The cities of Dunedin and Invercargill are both in Southern Island, New Zealand. Invercargill city is New Zealand’s most southerly city and regarded as a service city for farms in Southland Plains. Invercargill features pretty old century buildings and wide streets and the city itself is named after a prominent settler in Otago known as William Cargill. The wide streets in Invercargill are named after rivers of Northern England and Scotland. The city doesn’t have a lot of attractions as such but the Central Business District is pretty busy. Most of the activities in the city are concentrated at the intersection of Kelvin and Esk streets but the entire CBD is well-bounded by Daveron, Gala, Tay, and Leven streets.
Watcher place is a hot spot in Invercargill and this open area nicely captures the sunshine and most people come here just to sit and watch what is happening. Toilets and showers in the city are centrally located here and the public is allowed to use them freely. The Bank Corner is characterized by 20th Century architecture wonders but the buildings don’t house banks which they been built for. However, they are worth admiring and The Trooper’s Memorial is located just nearby as well. The Southland Fire Service Museum is located at Spey and Jed streets and it is home to several fire engines alongside several fire fighting items.
Queen Park in Invercargill is a large city park with a cute Edwardian style. There are numerous amenities at the park including the Art Gallery, Southland Museum, Observatory Queen’s Park Golf Club, duck Ponds, rose gardens, bird aviary, a zoo, and an excellent playground for children. The city of Dunedin is by far much more touristic than Invercargill and has relatively more attractions worth seeing.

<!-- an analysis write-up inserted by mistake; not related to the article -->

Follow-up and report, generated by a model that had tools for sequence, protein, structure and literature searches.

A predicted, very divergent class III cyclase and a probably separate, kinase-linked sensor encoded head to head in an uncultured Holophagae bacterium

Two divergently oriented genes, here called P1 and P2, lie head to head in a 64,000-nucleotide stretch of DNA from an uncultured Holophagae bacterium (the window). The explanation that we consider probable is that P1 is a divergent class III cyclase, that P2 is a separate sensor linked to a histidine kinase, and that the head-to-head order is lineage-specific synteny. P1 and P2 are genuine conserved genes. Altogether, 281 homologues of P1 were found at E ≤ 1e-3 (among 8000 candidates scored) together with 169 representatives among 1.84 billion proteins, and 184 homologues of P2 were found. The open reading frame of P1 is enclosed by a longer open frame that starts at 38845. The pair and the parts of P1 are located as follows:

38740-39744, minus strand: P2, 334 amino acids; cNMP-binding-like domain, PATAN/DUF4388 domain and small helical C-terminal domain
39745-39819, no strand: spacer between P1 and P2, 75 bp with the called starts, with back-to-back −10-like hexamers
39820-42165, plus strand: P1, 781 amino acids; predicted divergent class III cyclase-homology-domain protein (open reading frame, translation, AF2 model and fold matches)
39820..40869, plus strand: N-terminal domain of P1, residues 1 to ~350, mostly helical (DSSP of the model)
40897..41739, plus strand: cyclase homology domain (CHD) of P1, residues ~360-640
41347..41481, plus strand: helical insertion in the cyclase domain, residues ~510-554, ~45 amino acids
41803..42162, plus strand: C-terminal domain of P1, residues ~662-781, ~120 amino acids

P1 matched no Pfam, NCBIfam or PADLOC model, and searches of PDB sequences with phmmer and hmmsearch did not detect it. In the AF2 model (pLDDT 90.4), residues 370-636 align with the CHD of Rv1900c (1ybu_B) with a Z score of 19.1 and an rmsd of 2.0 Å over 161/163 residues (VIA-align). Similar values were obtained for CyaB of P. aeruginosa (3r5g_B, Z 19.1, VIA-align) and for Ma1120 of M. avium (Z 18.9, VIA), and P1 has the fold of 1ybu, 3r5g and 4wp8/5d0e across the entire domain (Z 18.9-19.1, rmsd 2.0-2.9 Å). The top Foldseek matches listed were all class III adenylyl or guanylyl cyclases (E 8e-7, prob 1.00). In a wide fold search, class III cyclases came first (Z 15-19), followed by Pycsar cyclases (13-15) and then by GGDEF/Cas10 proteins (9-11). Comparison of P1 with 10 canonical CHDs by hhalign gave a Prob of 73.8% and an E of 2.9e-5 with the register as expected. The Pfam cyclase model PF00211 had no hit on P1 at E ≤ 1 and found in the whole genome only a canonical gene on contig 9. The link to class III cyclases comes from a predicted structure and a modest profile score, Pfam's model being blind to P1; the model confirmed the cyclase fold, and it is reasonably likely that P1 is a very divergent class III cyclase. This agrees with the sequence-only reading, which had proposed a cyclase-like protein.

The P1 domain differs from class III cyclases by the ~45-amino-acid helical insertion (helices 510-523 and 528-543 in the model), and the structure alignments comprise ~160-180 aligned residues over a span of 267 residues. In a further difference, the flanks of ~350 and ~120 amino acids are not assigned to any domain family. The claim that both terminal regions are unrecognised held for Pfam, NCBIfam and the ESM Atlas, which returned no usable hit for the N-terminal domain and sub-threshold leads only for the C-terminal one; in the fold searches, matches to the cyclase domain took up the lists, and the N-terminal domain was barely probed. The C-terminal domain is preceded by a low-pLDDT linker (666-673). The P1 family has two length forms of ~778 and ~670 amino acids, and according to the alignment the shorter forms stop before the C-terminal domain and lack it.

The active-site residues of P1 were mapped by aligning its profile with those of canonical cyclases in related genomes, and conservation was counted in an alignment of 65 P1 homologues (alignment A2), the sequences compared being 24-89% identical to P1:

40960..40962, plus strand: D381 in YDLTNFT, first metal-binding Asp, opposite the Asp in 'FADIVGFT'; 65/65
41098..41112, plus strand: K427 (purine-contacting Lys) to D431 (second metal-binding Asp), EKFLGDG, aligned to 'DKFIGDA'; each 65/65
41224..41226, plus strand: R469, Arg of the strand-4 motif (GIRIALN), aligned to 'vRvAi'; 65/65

The Dunedin Chinese Garden is a popular sport in the city and offers an opportunity that you simply can’t miss. While Dunedin is not a famous beaching destination, most travelers still come here to enjoy some quality time at the beach surfing or swimming. Wearing a wet suit presents you even with more fun. Other attractions in Dunedin include the Dunedin Botanical gardens, Larnach Castle, Otakou Marae, Orokonui Eco-Sanctuary, and Tunnel Beach among others.
Dunedin is also very popular among campers especially in the Leith Valley Holiday Park located close to Otago Museum and Botanical Gardens. The park has the usual facilities that you can expect in a holiday park including a kitchen, showers and internet access. Even though the park mostly caters to motor homes and camper vans, campers with tents and bikes also stay here as well. These two cities are quite safe and the locals are very hospitable and welcoming.
Dunedin tends to have an atmosphere of partying on most days of the week and nightlife can get wild at times. You will encounter drunken students wandering about on the streets and even though they do tease tourists, they really have no intention of harming anyone and you just need to be friendly to them.